Delays to vote a concern: Steepe

A member of the LGBTIQA+ community at Dubbo says a proposed delay of a same-sex marriage plebiscite to 2017 is concerning but he is more determined than ever to push for change.
Nanjing Night Net

On Sunday it emerged it was unlikely Australians would be asked this year to vote on whether to allow same-sex marriage, but the Turnbull government would not publicly confirm a February plebiscite.

While Prime Minister Malcolm Turnbull said during the election campaign that he expected the plebiscite to be held by the end of the 2016, the Australian Electoral Commission (AEC) provided advice to the government last week that “strongly recommended” against that timing.

LGBTIQA+ (Lesbian, Gay, Bisexual, Transgender, Intersex, Questioning and Asexual) community member Nic Steepe said a proposed delay of a same-sex marriage plebiscite was concerning because it was meant to be held by the end of the year.

He continued to urge a parliamentary free vote but said if a plebiscite was to be held, it should not be delayed.

“The longer they drag out the plebiscite, even though I’m opposed to it, will give those opponents of marriage equality longer to be vocal in their opposition,” he said.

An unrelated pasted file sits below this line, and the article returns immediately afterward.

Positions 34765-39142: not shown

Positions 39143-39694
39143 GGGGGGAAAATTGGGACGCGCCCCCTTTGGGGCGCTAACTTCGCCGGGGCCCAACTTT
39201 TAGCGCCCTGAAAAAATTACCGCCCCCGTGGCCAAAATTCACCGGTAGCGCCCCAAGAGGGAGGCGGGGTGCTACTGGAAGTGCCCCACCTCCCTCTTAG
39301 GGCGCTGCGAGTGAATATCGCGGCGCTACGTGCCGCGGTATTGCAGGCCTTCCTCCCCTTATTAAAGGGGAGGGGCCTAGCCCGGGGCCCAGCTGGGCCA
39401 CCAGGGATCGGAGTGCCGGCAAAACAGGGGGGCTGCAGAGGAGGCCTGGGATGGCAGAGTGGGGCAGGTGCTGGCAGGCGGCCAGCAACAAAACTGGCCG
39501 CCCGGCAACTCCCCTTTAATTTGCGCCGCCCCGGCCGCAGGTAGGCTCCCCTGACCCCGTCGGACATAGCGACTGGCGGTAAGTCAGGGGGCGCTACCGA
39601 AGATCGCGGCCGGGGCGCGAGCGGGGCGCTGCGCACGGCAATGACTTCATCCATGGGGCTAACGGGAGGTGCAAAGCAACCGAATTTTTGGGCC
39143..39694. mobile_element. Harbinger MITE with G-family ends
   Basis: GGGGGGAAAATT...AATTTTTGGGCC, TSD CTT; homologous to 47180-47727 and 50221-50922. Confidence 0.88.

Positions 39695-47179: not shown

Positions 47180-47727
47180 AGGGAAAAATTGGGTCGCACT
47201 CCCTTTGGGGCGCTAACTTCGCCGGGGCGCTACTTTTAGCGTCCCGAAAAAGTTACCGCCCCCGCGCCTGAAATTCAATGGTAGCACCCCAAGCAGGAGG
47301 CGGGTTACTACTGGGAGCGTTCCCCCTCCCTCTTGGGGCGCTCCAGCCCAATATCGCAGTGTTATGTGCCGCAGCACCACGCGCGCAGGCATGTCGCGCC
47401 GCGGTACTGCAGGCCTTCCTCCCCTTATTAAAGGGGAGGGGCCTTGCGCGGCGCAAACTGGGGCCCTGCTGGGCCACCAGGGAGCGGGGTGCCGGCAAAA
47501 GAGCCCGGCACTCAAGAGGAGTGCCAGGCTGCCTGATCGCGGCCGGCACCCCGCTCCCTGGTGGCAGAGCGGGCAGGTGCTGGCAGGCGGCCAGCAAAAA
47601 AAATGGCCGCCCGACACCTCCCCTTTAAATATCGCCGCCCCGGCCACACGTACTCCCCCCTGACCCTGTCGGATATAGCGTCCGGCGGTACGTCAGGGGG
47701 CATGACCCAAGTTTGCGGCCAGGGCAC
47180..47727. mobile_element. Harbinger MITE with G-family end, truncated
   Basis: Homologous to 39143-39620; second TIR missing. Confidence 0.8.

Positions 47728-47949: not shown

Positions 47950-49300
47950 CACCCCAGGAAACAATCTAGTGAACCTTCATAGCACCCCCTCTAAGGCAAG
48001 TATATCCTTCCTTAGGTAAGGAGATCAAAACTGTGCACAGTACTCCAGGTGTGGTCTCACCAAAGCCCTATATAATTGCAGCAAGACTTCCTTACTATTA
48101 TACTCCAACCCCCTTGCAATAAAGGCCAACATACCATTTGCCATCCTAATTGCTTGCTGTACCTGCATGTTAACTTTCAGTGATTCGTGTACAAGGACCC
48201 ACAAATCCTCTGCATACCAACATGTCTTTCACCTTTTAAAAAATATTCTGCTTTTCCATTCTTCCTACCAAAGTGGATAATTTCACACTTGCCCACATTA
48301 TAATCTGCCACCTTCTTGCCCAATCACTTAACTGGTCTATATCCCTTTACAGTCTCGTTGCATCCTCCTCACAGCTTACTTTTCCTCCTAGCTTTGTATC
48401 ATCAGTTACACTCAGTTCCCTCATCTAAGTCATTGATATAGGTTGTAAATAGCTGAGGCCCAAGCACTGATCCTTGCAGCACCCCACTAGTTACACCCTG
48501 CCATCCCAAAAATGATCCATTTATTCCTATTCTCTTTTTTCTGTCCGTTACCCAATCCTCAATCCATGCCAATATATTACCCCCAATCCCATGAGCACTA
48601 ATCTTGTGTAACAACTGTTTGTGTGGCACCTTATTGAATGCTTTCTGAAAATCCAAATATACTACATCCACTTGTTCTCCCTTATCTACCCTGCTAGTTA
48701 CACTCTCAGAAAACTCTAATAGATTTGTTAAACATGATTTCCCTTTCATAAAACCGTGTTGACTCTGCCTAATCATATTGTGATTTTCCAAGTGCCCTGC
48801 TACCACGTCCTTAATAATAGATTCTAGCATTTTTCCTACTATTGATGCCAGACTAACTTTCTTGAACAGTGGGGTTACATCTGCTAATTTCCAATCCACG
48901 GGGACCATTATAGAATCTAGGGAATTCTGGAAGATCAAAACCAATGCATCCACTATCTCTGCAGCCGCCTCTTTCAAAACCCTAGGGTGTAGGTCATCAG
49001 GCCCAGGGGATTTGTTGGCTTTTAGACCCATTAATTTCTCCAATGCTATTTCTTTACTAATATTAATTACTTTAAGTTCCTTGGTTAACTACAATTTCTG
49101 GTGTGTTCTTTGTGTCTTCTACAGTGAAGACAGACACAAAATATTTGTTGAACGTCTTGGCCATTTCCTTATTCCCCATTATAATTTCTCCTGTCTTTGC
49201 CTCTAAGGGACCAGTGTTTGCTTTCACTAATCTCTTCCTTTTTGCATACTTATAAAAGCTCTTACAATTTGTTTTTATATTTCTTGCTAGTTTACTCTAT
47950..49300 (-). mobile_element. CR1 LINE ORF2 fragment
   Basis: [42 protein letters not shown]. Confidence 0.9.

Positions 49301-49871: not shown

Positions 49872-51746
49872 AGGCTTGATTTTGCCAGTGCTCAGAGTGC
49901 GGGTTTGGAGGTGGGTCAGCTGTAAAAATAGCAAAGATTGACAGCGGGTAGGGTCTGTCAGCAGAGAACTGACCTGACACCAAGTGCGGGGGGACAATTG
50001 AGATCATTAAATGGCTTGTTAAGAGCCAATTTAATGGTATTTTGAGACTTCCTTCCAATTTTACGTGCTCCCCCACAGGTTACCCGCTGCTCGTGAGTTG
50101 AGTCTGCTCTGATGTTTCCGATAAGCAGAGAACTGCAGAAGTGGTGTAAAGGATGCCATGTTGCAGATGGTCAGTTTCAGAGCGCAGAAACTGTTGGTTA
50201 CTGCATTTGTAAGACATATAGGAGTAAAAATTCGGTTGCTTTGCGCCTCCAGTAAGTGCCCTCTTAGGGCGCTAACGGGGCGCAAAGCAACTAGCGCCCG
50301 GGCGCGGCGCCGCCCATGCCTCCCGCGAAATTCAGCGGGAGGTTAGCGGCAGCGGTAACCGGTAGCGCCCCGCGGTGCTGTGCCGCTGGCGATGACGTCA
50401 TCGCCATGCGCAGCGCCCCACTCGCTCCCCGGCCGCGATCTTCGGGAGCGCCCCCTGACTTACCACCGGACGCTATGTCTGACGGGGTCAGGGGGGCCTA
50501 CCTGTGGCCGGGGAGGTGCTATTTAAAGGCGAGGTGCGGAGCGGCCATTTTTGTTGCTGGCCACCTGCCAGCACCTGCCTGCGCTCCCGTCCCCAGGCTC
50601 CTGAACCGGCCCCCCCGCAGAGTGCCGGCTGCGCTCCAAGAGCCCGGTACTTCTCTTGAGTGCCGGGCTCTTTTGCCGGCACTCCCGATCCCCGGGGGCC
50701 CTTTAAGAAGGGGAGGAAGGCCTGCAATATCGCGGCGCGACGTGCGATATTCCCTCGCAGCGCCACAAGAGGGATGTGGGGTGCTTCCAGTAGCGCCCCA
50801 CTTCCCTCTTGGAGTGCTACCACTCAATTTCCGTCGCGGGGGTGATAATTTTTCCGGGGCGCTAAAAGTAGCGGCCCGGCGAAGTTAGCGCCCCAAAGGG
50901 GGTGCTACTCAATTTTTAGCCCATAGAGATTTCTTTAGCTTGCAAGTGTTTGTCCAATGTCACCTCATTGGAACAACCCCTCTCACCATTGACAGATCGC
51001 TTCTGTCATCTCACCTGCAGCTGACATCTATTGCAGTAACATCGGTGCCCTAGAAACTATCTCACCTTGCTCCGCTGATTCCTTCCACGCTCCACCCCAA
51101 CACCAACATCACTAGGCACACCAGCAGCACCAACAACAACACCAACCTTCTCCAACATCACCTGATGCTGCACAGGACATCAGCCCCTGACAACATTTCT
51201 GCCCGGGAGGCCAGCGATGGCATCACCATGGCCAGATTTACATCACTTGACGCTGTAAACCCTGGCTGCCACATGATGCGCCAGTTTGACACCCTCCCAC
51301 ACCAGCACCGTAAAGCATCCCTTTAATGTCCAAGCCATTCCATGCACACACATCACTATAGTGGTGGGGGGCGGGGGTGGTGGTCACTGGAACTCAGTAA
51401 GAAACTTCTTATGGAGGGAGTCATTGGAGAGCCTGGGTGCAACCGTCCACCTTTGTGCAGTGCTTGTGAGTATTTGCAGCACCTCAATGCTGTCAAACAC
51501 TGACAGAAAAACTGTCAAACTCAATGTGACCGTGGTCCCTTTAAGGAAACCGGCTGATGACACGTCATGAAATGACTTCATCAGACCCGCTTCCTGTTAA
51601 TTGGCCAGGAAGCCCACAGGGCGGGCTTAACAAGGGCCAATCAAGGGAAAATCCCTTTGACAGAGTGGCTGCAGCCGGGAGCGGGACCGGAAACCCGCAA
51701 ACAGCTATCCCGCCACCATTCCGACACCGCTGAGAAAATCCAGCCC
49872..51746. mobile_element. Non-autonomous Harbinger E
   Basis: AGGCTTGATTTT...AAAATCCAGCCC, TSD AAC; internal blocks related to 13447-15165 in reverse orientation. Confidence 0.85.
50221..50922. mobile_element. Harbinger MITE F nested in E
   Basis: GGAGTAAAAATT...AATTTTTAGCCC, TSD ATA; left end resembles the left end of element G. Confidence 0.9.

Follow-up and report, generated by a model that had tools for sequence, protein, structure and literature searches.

“Which does have a negative impact on people who are same-sex attracted or gender diverse.”

He said it was also concerning the plebiscite was “going to waste $160 million”.

“They should just hold a conscience vote and get it through,” he said.

The AEC strongly recommended the government not hold a national vote on the issue before the end of 2016, but the prime minister’s office and senior ministers insist the timing and question are still to be decided by cabinet.

Media reports emerged on Sunday that Mr Turnbull was expected to announce the plebiscite timeline, aiming for February, at a Coalition partyroom meeting on September 13.

And Australians would be asked the simple question: do you approve of a law to permit people of the same sex to marry?

But a spokeswoman for the prime minister said the government’s promises around holding the national vote as soon as practicable had not changed.

Minister Kelly O’Dwyer said cabinet was yet to make any decision on the timing or question, so no assumptions should be made.

Mr Steepe saidthe question in the reports was a bit concerning because it did not specifically mention the Marriage Act, only “a law”.

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